We have rights in this country, and like superpowers, rights don’t do much good unless you know they exist and understand how to use them.

Comic book fans have long been familiar with the ethic Peter Parker (Spider-Man) was given by his Uncle Ben: “With great power comes great responsibility”. As American citizens, we reside in a constitutional republic. This gives us great powers…. our civil rights.  It is our responsibility and duty to know how to use them. I am also holding out for web shooters.

In my 29 years of practicing criminal law, I have seen more than a few cases where there was a misunderstanding about what a suspect said, or where a search could have been refused if the suspect had known better. In most of those cases, the persons either didn’t know they could remain silent and/or refuse consent to search. Or, they felt too intimidated to assert rights they weren’t sure about.

A right must be asserted in a clear and straightforward manner to be properly invoked.

  • “Do you think I might need a lawyer?”

Nope…that won’t do it.

  • “I want to speak to a lawyer now and will not answer any questions until I do.”

Yes…that’s the ticket.

The good cops will respect you for this invocation.  The bad ones won’t. They will tell you it will go badly for you unless you talk to them. They will threaten you with dire consequences if you get a lawyer. They will imply that their life-long ambition to help you in every possible way will be foiled if you lawyer up. It is a load of crap. It is such a big a load of crap the police should have to file an Environmental Impact Statement before dumping it on you.

Once you assert your right to counsel and to remain silent, ALL questioning about the alleged crime has to stop. The police are not supposed to say anything to induce you to start talking again. So sayeth the US Supreme Court in Rhode Island v. Innis, 446 US 291 (1980). The cops have known this rule for 37 years. They learned it in the academy. Somewhere between then and when they met you, the bad ones unlearned it. If you meet some of those, you will need to hold tightly to your rights. Like bankers touch gold. Like ladies hold babies.

You have a right to counsel under the US Constitution, 6th & 14 Amendments. If you are in New York State, the NY Constitution, Art. I, § 6, provides an even stronger right to counsel. This right automatically attaches at certain critical stages of a proceeding such as the filing of a charge, the issuance of an arrest warrant, arraignment, certain line-ups, custodial interrogation (a suspect in custody——not free to leave the police——and being questioned), etc.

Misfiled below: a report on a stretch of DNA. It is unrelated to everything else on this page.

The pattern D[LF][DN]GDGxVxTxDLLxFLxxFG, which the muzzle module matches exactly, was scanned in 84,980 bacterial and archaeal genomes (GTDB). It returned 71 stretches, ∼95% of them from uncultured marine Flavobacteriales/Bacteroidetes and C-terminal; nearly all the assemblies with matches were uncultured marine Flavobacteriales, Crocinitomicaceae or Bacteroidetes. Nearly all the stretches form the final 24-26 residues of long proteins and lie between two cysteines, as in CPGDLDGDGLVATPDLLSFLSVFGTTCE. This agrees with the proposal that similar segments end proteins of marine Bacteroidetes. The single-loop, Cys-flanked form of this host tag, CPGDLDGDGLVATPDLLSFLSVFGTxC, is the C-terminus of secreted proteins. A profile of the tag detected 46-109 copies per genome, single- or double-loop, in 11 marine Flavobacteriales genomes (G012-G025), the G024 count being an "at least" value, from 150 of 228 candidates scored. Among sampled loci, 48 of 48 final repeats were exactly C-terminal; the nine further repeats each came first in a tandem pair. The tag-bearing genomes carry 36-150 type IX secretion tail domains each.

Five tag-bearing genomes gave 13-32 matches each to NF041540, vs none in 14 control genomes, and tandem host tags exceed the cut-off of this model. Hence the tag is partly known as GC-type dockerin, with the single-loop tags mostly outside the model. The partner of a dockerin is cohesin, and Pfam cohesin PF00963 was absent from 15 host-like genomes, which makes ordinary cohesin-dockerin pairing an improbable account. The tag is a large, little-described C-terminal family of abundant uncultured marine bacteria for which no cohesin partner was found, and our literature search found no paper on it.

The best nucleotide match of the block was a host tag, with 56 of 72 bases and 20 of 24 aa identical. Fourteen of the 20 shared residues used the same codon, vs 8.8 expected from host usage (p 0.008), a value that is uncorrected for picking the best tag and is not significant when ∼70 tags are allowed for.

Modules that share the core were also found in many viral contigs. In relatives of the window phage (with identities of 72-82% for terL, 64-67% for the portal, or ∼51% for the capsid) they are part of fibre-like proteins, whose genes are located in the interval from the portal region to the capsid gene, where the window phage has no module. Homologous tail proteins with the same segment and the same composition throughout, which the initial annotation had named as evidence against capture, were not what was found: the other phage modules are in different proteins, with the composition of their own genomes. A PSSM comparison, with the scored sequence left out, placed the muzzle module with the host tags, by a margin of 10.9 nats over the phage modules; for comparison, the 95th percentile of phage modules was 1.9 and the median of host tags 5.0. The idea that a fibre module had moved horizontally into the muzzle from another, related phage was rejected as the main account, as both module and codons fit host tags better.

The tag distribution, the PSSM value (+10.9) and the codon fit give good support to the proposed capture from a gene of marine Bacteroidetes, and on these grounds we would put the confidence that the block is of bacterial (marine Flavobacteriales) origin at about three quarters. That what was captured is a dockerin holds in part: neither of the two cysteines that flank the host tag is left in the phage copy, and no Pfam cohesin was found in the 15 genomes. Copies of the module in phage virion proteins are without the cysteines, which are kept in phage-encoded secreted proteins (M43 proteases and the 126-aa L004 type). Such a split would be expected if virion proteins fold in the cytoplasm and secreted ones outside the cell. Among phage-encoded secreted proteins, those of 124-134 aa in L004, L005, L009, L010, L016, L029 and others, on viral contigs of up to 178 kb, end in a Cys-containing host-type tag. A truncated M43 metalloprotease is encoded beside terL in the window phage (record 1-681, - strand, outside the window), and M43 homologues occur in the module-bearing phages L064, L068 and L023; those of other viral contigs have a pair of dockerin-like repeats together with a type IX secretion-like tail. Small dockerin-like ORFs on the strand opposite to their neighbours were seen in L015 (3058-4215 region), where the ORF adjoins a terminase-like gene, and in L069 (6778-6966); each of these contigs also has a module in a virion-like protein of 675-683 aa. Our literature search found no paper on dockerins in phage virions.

But like any super power, this right only works if you invoke it properly!

Repeat after me:

  • “I want to talk to my lawyer.”
  • “No…I don’t give consent for you to search me, my car, my home….”

Better yet, it isn’t cheating to have a prompt. The cops use cards to read suspects their Miranda rights.  Why not have a card to read to them?  It will prove very helpful in saying the right thing when under the pressure inherent in contact with the police, . It will also be a record of what you stated.

Something that says:

“Officer – By presenting this card, I respectfully invoke my rights to counsel, to remain silent, and to be free from unreasonable search & seizure. You do NOT have my consent to search my auto, my person, or my home. My lawyer is Kurt Mausert. I wish to contact him immediately.”

Where can you get a great card like this?  Funny you should ask.  I have just the thing.  This magic language is on the back of my business card.

If you would like to have my card to carry and to present to the police, contact my office and we will send you two. One for you, and one to give to the police. If the police ignore your invocation of rights, any statement they take from you, or evidence they obtain as a result of an illegal search. can be kept out of court. Invoking your rights can be your shield.

Some words you may hear from the police once you assert your rights:

  • “If you are innocent and have nothing to hide, why are you asking for a lawyer?”
  • “Why can’t we search you?”

An answer I am fond of:

  • “Because it is my duty as an American to honor and protect my rights and the Constitution. You are sworn to uphold it, so please respect my rights.”

Our ancestors fought and died for the rights I’ve talked about here. Invoking your rights is not a sign of guilt. It is a sign you respect our country, your role as a citizen, and your liberties. It is the American thing to do.

I am also available 24/7 to take urgent calls. My answering service will reach out to me on nights and weekends if they receive a call from a person who is in danger of being arrested or who is already in custody. Don’t be shy. Use your super power!


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